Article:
But don’t get stuck on only having video conferences. Mix it up with other formats, depending on individual preferences.
It depends on the industry you are working in, your set-up and the seniority level of your team. Again, just ask your team what they need and make sure they understand that you are present and available for them anytime.
And one last suggestion: You don’t always have to put an official catch-up into the diary. Just calling your team to see how they are doing, sending a spontaneous text, or leaving a WhatsApp voice note makes it feel less formal.
5. Don’t forget about the fun side of work
What people usually enjoy in the office are the regular social interactions with their colleagues. The spontaneous chats at the coffee machine, joint lunches or doing sports together at the end of the day.
Figure out how to make working remotely more fun for your team and make sure that there is enough room for the conversations that go beyond just the job.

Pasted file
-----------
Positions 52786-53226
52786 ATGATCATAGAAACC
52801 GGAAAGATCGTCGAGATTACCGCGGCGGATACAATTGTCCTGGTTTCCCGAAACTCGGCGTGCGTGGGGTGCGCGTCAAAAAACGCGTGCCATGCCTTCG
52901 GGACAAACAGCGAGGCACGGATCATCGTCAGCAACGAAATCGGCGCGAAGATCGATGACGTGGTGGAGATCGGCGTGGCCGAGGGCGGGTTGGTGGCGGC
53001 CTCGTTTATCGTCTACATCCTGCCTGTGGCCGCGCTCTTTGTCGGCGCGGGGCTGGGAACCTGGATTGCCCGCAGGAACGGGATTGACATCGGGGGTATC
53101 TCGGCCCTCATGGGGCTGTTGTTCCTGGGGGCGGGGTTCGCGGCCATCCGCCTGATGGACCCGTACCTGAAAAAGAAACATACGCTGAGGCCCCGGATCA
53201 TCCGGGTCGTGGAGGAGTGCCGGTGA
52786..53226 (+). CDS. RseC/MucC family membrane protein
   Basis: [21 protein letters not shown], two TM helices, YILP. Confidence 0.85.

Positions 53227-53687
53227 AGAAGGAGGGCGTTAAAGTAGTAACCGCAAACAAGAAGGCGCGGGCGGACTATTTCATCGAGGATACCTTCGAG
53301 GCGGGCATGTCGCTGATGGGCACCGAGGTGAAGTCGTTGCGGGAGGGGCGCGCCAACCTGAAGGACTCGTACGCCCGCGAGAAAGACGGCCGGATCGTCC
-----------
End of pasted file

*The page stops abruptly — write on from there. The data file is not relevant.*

Think of a fun motto for your team video meetings – like everyone wears his or her favorite football jersey. Organize quick virtual 10-15 min workouts once a week. The team that sweats together stays together.
I am sure your team appreciates your creativity here and it gives them the chance to get creative themselves. Just let them know that you are open to that.
6. More than ever, give clear focus and direction
Good communication is essential for leaders, but when working remotely it becomes of paramount importance. Setting clear goals isn’t as easy as it sounds, even in a normal office environment and it gets even harder when you can’t explain your ideas face-to-face. Make sure that your team fully understands what you expect them to do, as well as the things that they shouldn’t do.
Last – but certainly not least – give your team permission to pause, especially when working from home. Without a commute, your team might struggle to find a natural and official end to their workday.
As an article from the Harvard Extension School explained, “Without the clear boundaries that office life provides, the go-getters on your team may have workdays that never end, setting themselves up for exhaustion and resentment.”
Make sure that your team take time to pause, take a break, work out, put the phone down – not just during the day, but even more so at the end of it.